Jul 072013

If you drive here’s an easy way to save some money. One common problem that faces many drivers is finding parking space. Over time I have developed a very simple strategy to quickly find an empty space in a somewhat crowded parking lot. It’s pretty obvious but here it is anyway.

I basically go for a stall that’s near the entrance/exit of the parking lot 😀 That’s pretty much it. The idea is to park the car ASAP and minimize the amount of time and distance it has to travel within the lot. Most people would probably try to find a spot near the front of the store or entrance but that’s also the busiest area of the lot. Sometimes people circle around and around, wasting money, time, and polluting the environment 🙁 just so they can save seconds off their walk *pfft*

When I drive to work I normally park in one of the stalls closest to the parkade garage door since we don’t have assigned stall numbers. Then it’s a brisk 30 meter (100 ft) walk to the stairs, which takes all of 20 seconds or so. Instead of trying to find a parking spot closer to the stairway entrance I save about 60 meters of fuel per day (^_^) The current price of gasoline here in Vancouver, BC is about $1.45/L ($5.5/gallon) and my car’s fuel economy is about 11 Km/L (26MPG.) This means I save about 4 cents a week on gas! (゜∀゜) And that only accounts for work. Supermarkets as you can imagine have huge parking lots 😀 Sometimes I save almost 200 meters of gas when I go shopping at Costco! (✌゚∀゚) Because 100 meters each way. In the diagram below the green arrows near the left point to where I would park.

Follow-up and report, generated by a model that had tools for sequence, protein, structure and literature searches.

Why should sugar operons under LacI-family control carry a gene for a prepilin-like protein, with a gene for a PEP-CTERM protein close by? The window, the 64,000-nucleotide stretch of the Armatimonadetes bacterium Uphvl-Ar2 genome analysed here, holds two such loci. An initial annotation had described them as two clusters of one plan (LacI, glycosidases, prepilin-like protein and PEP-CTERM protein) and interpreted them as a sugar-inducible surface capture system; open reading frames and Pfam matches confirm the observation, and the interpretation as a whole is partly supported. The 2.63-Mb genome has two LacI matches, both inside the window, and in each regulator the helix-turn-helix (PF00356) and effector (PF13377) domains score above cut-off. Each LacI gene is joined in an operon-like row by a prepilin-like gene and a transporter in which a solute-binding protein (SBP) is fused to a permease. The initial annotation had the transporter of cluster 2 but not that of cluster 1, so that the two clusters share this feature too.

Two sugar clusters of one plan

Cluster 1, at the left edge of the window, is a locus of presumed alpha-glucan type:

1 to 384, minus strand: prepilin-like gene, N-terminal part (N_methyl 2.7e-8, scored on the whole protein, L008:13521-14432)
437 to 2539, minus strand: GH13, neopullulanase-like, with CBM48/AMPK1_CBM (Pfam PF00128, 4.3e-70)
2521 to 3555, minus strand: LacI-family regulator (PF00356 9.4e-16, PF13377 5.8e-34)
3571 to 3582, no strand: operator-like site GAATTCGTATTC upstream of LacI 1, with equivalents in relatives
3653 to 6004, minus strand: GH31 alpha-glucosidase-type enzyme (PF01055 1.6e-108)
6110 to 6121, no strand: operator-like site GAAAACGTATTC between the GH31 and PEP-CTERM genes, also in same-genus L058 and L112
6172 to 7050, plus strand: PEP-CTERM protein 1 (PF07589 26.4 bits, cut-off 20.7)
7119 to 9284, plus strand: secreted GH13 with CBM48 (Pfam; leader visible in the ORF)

The only downside with parking further away is you have to walk more. But doctors say walking is good for you 🙂 I work 8 hours a day sitting in front a computer desk so I’ll take the fresh air whenever I can :0) Continue reading »

Jan 102013

ONE of the easiest ways I’ve learned to make money is to take action when others are complaining about something. There is often a silver lining to every financial problem, and learning how to take advantage of that can bring you much reward 🙂 Here are 4 common financial problems I hear people complain about almost every day and my solution to each one.

The problem: Housing prices too expensive.

What other people do: complain they can’t afford to live in the city anymore.
What you can do instead: Offer financing or buy real estate. Take Vancouver as an example. It’s land size is not getting any bigger, but the population will continue to expand. The following tables show the development of the number of inhabitants according to census data of Statistics Canada.

13_01_populationgrowth Financial Problems